English language learning unlocks a bilingual perspective


Designed by Christine Kaldahl

The language Pingelapese is spoken on the atoll of Pingelap.

Charleen Darra, Photographer

Speaking another language is a huge bragging right on my part, especially since not a lot of people speak more than one language. Though even though it is cool to be bilingual, many hardships come along the way.

When I tell people that English is not my first language, they are surprised. Growing up, speaking my primary language, Pingelapese, a language spoken in the island of Federated States of Micronesia, was easy especially since that’s what I knew. I speak a language that not a lot of people know, only one percent of the world even know where Pingelapese is spoken. When I speak Pingelapese with my cousins and people overhear, they always ask, “Which language is that?’’ or “What is that gibberish?” So it’s always nice to be speaking another language that not many people know so that they won’t suspect what I am saying.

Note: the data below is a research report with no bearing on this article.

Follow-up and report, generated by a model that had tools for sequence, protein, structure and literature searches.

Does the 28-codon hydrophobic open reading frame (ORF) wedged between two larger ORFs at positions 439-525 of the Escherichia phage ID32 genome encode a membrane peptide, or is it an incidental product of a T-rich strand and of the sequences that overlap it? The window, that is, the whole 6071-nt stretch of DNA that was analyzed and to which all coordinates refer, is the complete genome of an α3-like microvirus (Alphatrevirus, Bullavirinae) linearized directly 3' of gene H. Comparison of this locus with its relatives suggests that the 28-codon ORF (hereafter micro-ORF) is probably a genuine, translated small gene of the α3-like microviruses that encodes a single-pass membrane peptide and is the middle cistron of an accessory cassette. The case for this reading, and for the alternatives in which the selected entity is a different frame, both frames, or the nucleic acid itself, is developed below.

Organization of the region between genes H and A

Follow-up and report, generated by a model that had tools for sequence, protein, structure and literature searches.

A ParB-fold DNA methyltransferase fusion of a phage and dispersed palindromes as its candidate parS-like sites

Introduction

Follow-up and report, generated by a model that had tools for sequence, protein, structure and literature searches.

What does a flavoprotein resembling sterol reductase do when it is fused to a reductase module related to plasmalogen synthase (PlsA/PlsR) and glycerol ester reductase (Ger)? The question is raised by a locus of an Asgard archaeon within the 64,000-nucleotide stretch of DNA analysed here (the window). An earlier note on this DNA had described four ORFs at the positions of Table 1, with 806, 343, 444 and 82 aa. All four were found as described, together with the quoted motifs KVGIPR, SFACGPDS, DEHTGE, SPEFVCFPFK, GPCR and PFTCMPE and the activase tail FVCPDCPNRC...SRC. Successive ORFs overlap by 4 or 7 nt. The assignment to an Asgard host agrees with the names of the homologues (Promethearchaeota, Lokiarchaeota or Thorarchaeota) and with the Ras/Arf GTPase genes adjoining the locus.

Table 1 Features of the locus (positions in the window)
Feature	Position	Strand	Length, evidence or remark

As I aged, I started learning English, which was even harder for me because I was not so used to it. The first time I spoke English when I was seven, it was hard. I was nowhere near being able to speak it fluently until I practiced and practiced and finally got it down. It was hard since there was loads of information coming at me and it was difficult for me to keep up.

I’ve been speaking English now for more than nine years and I’ve gotten better, but it feels like the more I am into this American culture the farther I am from my primary culture. Even though speaking not only one but two languages can be a lifetime struggle, it can come with good surprises. For example, when I am really mad at someone and I want to take my anger out on them. I speak in Pingelapese because not a lot of people know how to speak Pingelapese.

On the other hand, being a bilingual student can also be challenging. It can be difficult to switch between languages, especially in school or at home, where one language may be preferred over another. Switching between languages can be confusing and difficult. It can be a struggle to achieve full literacy in both languages. I’ve been speaking one language over the other all the time. Now it’s been harder to even remember the other language.